- Long fences along street frontages must be set back at least 0.5m inside the property line and articulated (jogged back and forth at logical places), and low shrubs provided on both sides of the fence.
- Fences are to step down to 1.2m height at street frontages (front of building face)
- Any existing retaining walls must be shown, and any proposed retaining walls have to be shown along with a section indicating the material used and the height of the wall.
- Timber walls are not accepted.
- Walls over 1.2m high require a permit and engineering plans
- On street frontage, walls should be of architectural concrete finish.
- No retaining walls are permitted along property lines or within ROWs.
- No retaining walls are permitted within drainage or sewer ROWs.
- If there are major grade changes (especially near areas where trees are being retained) then sections through those areas need to be provided.
- Max. slopes permitted in landscaped areas = 3:1.
- Max. grade leading to root balls of planted trees is 3:1. If existing slope is greater, either the grading or planting must be modified to fall within the limit.
- Guardrails or railings are required for any grade changes greater than 0.6m
- Handicap Accessibility should be addressed for circulation patterns within site boundaries. Letdowns should be shown wherever access is necessary, such as all amenity areas, crosswalk connections, at handicap parking stalls, etc. Roll-over curbs will not be considered sufficient for handicap accessibility.
CPTED & Riparian Zones
Crime Prevention Through Environmental Design
Plans must be CPTED compliant, which means:
- Trees are to be pruned up to 1.8m
- Shrubs are to be pruned down to 1.0m
- Frontage fencing to be low and transparent (e.g. open picket)
- Plans are to be compliant with the September 12, 2016 amendment to the Official Community Plan adopting the Sensitive Ecosystem Development Permit Area (SEDPA) and zoning bylaw amendments on the same date.
A letter submitted by a professional specifying work that will be overseen and/or directed in the field. The letter may be required for Landscape Plans to be approved or Tree Cutting Permit to be issued. See our Comfort Letter Template for Landscape Architects for more information.
Comfort Letters will be required upon request for installation of sub-grade materials.
A Follow-up Letter is required to be submitted and accepted by the City in order to receive release of securities. See requirements below.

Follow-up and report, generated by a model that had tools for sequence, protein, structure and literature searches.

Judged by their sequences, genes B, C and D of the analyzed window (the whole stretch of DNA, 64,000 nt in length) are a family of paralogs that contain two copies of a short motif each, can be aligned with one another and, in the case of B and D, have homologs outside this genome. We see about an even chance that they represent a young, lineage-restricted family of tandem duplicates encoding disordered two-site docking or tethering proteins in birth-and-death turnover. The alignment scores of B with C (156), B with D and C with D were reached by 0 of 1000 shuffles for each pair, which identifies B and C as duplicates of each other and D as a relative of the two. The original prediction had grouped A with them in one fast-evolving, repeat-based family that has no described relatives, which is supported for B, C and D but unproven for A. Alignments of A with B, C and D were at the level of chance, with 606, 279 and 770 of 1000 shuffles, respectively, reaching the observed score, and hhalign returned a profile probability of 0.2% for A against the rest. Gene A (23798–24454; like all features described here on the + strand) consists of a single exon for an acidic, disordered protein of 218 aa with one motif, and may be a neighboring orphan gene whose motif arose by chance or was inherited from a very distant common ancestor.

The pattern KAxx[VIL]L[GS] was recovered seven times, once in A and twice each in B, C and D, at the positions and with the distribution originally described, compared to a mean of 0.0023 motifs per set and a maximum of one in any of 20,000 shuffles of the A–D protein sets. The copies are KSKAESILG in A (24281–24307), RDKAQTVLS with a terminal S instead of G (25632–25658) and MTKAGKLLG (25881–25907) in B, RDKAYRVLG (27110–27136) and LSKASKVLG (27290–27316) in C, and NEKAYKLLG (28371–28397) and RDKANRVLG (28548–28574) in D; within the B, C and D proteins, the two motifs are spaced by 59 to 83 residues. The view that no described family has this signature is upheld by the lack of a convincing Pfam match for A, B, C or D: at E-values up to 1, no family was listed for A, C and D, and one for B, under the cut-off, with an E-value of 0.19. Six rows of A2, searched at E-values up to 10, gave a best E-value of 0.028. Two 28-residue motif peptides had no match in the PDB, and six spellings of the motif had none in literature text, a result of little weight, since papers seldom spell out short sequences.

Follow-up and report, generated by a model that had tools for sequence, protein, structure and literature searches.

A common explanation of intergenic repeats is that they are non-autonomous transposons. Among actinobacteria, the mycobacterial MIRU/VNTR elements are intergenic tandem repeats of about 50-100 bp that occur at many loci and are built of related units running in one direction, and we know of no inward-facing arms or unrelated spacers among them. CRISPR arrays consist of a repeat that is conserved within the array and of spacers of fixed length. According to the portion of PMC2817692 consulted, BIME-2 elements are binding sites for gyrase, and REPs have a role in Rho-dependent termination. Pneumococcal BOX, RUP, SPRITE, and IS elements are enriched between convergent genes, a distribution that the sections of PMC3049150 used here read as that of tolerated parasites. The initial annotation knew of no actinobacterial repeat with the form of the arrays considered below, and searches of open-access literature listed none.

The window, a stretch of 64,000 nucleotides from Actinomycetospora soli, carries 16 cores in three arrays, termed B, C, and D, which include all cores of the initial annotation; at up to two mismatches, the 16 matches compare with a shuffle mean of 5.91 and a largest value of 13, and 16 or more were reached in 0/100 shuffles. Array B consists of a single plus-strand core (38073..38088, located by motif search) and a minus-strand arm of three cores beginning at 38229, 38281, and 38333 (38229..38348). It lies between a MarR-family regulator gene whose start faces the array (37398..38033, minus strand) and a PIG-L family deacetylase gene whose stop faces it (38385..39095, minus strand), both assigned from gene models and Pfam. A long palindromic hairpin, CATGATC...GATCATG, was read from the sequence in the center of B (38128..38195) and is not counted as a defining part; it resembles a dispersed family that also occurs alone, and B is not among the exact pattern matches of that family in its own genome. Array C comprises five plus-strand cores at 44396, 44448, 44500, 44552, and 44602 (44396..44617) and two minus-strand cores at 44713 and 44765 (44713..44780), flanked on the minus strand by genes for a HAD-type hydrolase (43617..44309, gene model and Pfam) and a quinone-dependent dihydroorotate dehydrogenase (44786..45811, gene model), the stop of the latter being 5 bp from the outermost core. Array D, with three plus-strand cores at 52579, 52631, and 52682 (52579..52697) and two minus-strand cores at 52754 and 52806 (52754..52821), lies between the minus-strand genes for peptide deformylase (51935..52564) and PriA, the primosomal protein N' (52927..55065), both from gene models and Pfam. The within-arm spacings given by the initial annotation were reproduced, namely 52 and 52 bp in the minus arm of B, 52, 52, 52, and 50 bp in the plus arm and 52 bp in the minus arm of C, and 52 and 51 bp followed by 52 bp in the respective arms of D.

See also Arborist Reports for Development for additional information.
Comfort Letters must include:
- Specifics about what services will be provided.
- Signature from both the professional contractor (e.g. Landscape Architect) and the applicant (e. g. owner/developer).
Follow-up Letters must include:
- Complete field review: include data supporting that the required elements in the plans, reports, specifications, etc. were properly installed. Stand-alone statements of proper installation will not suffice for release of securities.
- Photographs supporting the above information is required.
- Receipts, delivery confirmation, supplier product info, lab results of soil tests, etc. could be included as documentation of proper installation.
If Comfort Letter requirements cannot be determined to be correctly installed based on photographic or other documentation, this could result in a delay of the release, or permanent withholding, of securities, and the requirement for the product and all associated elements to be removed and reinstalled.
Changes to the Landscape Plan
Due to the collection of Landscape Securities, plans always require to be developed to the construction stage for Development Permits. No changes (other than minor plant substitutions or planting configurations) can be made after the development permit has been approved.
If changes are unavoidable, all changes must be submitted to area planning, with revision clouds, for approval prior to construction. A minor or major DP amendment may be required.
Failure to get changes approved by the City prior to construction can result in added cost to the developer and lengthy delays in the release of landscape securities.
|Former L3, also referred to as Schedule C-L, sign-off by a Landscape Architect that the Landscape is substantially complete, supplemented with field notes|
Follow-up Letter, a letter submitted by the professional that provided a CL on-file for specific duty.
The letter is to state if all requirements were met to satisfaction or not. A passing FuL is required for securities to be released.
See Arborist Reports for Development for additional information.
|Neighbourhood Concept Plan|
|Tree Cutting Permit|
|TPZ||Tree Protection Zone|
|Critical Root Zone, area of highest risk for compromising the health and safety of a tree if damaged|
|Right of Way|
- Tree Protection Bylaw
- Comfort Letter Template for Landscape Architects
- Comfort Letter Template for Arborist Presence
For more information, call 604-591-4675 and leave a voicemail, or email TreeBylaw@surrey.ca. Please include your Surrey City Project number, site address and contact information with your question.